Bx Perturbative calculations Cy Summation of perturbation theory Gc Lattice QCD calculations Lg Other nonperturbative calculations Mh Quark-gluon plasma Qk Experimental tests Ba Bag model Dc Skyrmions Fe Chiral Lagrangians Hg Heavy quark effective theory Jh Nonrelativistic quark model Ki Relativistic quark model Pn Potential models St Factorization Ee Statistical models Vv Vector-meson dominance Yx Hadron mass models and calculations Cn Extensions of electroweak gauge sector Fr Extensions of electroweak Higgs sector Jv Supersymmetric models Nz Technicolor models Rc Composite models Eb Decays of K mesons Fc Decays of charmed mesons He Decays of bottom mesons Jf Decays of other mesons Es Decays of K mesons Ft Decays of charmed mesons Hw Decays of bottom mesons Jx Decays of other mesons Ce Leptonic, semileptonic, and radiative decays Eg Hadronic decays Bv Decays of muons Dx Decays of taus Hb Decays of heavy neutrinos Be Decays of W bosons Dg Decays of Z bosons Dk Electromagnetic mass differences Em Electric and magnetic moments Gp Electromagnetic form factors Hq Electromagnetic decays Ks Electromagnetic corrections to strong- and weak-interaction processes Fz Elastic and Compton scattering Hb Total and inclusive cross sections including deep-inelastic processes Le Meson production Rj Baryon production Lm Processes in other lepton-lepton interactions Cs Nucleon-nucleon interactions Ev Hyperon-nucleon interactions Gx Pion-baryon interactions Jz Kaon-baryon interactions Lb Meson-meson interactions Dz Elastic scattering Fb Inelastic scattering: two-particle final states Hd Inelastic scattering: many-particle final states Lg Total cross sections Ni Inclusive production with identified hadrons Qk Inclusive production with identified leptons, photons, or other nonhadronic particles Rm Limits on production of particles Tp Cosmic-ray interactions Ce Production Fh Fragmentation into hadrons Dh Protons and neutrons Jn Hyperons Pt Exotic baryons Aq pi, K , and eta mesons Ev Other strange mesons Pq Heavy quarkonia Rt Exotic mesons Cd Electrons including positrons Ef Muons Fg Taus Hi Other charged heavy leptons Lm Ordinary neutrinos Pq Neutrino mass and mixing St Non-standard-model neutrinos, right-handed neutrinos, etc.

Bt Light quarks Dw Charmed quarks Fy Bottom quarks Ha Top quarks Jk Other quarks e. Bh Photons Dj Gluons Fm W bosons Hp Z bosons Kv Gravitons Pw Other gauge bosons Bn Standard-model Higgs bosons Cp Non-standard-model Higgs bosons Da Supersymmetric Higgs bosons Ec Other neutral Higgs bosons Fd Other charged Higgs bosons Hv Magnetic monopoles Ly Supersymmetric partners of known particles Mz Axions and other Nambu-Goldstone bosons Majorons, familons, etc.

Nb Neutralinos and charginos Pq R-hadrons Rt Kaluza-Klein excitations Sv Leptoquarks Tt Technicolor Va Axions and other Nambu-Goldstone bosons Majorons, familons, etc.

## Particles, Sources, And Fields, Volume 2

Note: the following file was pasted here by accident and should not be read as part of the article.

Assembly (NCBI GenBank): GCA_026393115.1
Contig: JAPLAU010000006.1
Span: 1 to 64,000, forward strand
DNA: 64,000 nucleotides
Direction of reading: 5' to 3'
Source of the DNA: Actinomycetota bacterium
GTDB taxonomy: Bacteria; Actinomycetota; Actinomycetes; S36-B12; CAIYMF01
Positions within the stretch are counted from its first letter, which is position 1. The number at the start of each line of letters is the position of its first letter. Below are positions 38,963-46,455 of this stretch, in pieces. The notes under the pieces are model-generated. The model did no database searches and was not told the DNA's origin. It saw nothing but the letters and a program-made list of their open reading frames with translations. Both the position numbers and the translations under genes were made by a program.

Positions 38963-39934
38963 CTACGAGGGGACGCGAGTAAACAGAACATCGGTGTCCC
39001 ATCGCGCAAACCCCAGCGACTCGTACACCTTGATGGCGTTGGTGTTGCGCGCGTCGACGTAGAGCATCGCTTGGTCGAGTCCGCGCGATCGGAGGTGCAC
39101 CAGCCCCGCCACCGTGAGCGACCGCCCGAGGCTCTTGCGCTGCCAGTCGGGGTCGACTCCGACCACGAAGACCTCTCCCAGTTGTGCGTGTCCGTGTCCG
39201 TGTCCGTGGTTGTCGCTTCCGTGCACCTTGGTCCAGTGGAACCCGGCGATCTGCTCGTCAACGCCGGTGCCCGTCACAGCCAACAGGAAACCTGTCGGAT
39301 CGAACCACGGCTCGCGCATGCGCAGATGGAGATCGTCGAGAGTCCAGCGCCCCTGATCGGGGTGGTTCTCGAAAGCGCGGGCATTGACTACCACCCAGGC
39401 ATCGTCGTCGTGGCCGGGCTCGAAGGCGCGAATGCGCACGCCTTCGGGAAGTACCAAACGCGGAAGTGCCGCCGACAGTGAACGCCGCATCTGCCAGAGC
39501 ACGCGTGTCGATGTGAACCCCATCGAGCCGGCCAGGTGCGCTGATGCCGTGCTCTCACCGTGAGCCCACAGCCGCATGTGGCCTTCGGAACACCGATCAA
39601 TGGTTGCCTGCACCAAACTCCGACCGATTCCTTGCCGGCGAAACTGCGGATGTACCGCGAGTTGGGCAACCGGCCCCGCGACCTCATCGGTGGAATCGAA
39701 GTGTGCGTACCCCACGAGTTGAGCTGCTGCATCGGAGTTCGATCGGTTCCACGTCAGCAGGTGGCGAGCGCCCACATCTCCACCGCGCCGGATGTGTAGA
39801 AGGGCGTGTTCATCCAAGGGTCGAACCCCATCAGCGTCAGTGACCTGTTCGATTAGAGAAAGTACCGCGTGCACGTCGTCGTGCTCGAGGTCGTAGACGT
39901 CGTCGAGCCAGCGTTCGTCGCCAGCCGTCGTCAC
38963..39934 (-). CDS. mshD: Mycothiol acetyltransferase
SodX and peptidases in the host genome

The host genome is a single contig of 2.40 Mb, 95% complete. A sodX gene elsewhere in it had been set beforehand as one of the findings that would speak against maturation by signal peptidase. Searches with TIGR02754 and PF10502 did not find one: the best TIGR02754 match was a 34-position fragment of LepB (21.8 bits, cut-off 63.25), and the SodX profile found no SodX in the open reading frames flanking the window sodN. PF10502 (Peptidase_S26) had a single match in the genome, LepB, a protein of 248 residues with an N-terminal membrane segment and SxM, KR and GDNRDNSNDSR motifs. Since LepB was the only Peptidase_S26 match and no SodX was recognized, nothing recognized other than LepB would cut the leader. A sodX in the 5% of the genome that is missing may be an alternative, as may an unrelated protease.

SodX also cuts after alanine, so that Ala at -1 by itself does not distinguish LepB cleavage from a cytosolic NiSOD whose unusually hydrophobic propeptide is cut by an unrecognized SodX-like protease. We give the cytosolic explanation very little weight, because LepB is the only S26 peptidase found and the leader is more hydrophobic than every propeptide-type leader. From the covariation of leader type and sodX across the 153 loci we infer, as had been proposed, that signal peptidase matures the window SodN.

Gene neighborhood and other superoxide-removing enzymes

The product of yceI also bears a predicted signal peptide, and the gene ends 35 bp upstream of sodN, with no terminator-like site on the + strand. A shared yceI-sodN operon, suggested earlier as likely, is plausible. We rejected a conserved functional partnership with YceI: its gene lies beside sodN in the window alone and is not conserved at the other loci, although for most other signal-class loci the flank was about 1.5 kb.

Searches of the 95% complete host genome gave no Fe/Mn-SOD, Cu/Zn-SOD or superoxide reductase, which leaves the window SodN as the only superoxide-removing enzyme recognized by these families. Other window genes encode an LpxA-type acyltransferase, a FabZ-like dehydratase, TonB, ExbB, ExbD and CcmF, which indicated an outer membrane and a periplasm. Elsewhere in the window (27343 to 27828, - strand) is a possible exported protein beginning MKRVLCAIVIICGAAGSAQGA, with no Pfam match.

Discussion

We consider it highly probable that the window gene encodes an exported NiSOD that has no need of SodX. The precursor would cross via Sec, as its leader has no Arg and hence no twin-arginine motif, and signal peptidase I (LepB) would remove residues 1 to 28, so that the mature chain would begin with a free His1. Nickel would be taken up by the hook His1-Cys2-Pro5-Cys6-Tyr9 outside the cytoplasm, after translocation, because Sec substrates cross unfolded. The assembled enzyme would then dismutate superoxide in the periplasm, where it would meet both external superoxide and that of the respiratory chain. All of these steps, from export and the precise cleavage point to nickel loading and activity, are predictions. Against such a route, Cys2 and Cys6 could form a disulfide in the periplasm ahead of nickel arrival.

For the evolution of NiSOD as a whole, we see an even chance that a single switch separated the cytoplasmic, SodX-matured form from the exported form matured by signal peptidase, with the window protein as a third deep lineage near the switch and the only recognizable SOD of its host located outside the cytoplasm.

Dr Binding energies and masses Ft Charge distribution Gv Nucleon distributions and halo features Hw Spin, parity, and isobaric spin Jx Spectroscopic factors and asymptotic normalization coefficients Ky Electromagnetic moments Ma Level density Pc Single-particle levels and strength functions Re Collective levels Sf Coulomb energies, analogue states Tg Lifetimes, widths Cb Nuclear forces in vacuum Fe Forces in hadronic systems and effective interactions Bc Two-nucleon system Ff Three-nucleon forces Cs Shell model De Ab initio methods Ev Collective models Fw Models based on group theory Gx Cluster models Ka Monte Carlo models Cd Asymmetric matter, neutron matter Ef Symmetry energy Jk Mesons in nuclear matter Mn Equations of state of nuclear matter Qr Quark matter En Angular distribution and correlation measurements Gq Multipole mixing ratios Js Multipole matrix elements Nx Internal conversion and extranuclear effects including Auger electrons and internal bremsstrahlung Ra Internal pair production Bw Weak-interaction and lepton Hc Relation with nuclear matrix elements and nuclear structure Cn Many-body theory Eq Coupled-channel and distorted-wave models Ht Optical and diffraction models Jv Relativistic models Lx Monte Carlo simulations including hadron and parton cascades and string breaking models Nz Hydrodynamic models Pa Thermal and statistical models Cz Giant resonances Gd Other resonances Dr Statistical compound-nucleus reactions Gv Statistical multistep direct reactions Ky Fluctuation phenomena Lz Chaos in nuclear systems Dc Photon absorption and scattering Lj Photoproduction reactions Bf Elastic electron scattering Dh Inelastic electron scattering to specific states Fj Inelastic electron scattering to continuum Hm Positron-induced reactions Mr Muon-induced reactions including the EMC effect Pt Neutrino-induced reactions Rw Electroproduction reactions Cm Elastic proton scattering Dn Elastic neutron scattering Ep Inelastic proton scattering Fq Inelastic neutron scattering Hs Transfer reactions Kv Charge-exchange reactions Lw Radiative capture Ny Resonance reactions Sc Spallation reactions De Elastic and inelastic scattering Hi Transfer reactions Kk Charge-exchange reactions Ci Elastic and inelastic scattering Hp Transfer reactions Kr Charge-exchange reactions Bx Elastic scattering Dz Interaction and reaction cross sections Gc Breakup and momentum distributions Je Transfer reactions Lg Charge-exchange reactions Pj Fusion reactions Tv Radiative capture Bc Elastic and quasielastic scattering De Coulomb excitation Ef Resonances Gh Compound nucleus Jj Fusion and fusion-fission reactions Lm Strongly damped collisions Mn Projectile and target fragmentation Pq Multifragment emission and correlations Ag Global features in relativistic heavy ion collisions Bh Hard scattering in relativistic heavy ion collisions Cj Photon, lepton, and heavy quark production in relativistic heavy ion collisions Dw Particle and resonance production Gz Particle correlations and fluctuations Ld Collective flow Nq Quark deconfinement, quark-gluon plasma production, and phase transitions Dj Pion elastic scattering Ek Pion inelastic scattering Gn Pion charge-exchange reactions Hp Pion-induced reactions Ls Pion inclusive scattering and absorption Nv Kaon-induced reactions Pw Hyperon-induced reactions Ca Spontaneous fission Ec Neutron-induced fission Ge Charged-particle-induced fission Jg Photofission Cd Stellar hydrogen burning Fj Stellar helium burning Kn s-process Np Nucleosynthesis in late stellar evolution Qr Quasistatistical processes Ca Explosive burning in accreting binary systems novae, x-ray bursts Ef Explosive burning in supernovae shock fronts Hj r-process Jk Weak interaction and neutrino induced processes, galactic radioactivity Dd Neutron star core Gj Neutron star crust Kp Equations of state of neutron-star matter Cz Neutron scattering Fc Neutron absorption Gd Neutron transport: diffusion and moderation Ka Thermal neutron cross sections Pr Neutron imaging; neutron tomography An electron, for example, is just an excitation of an electron field.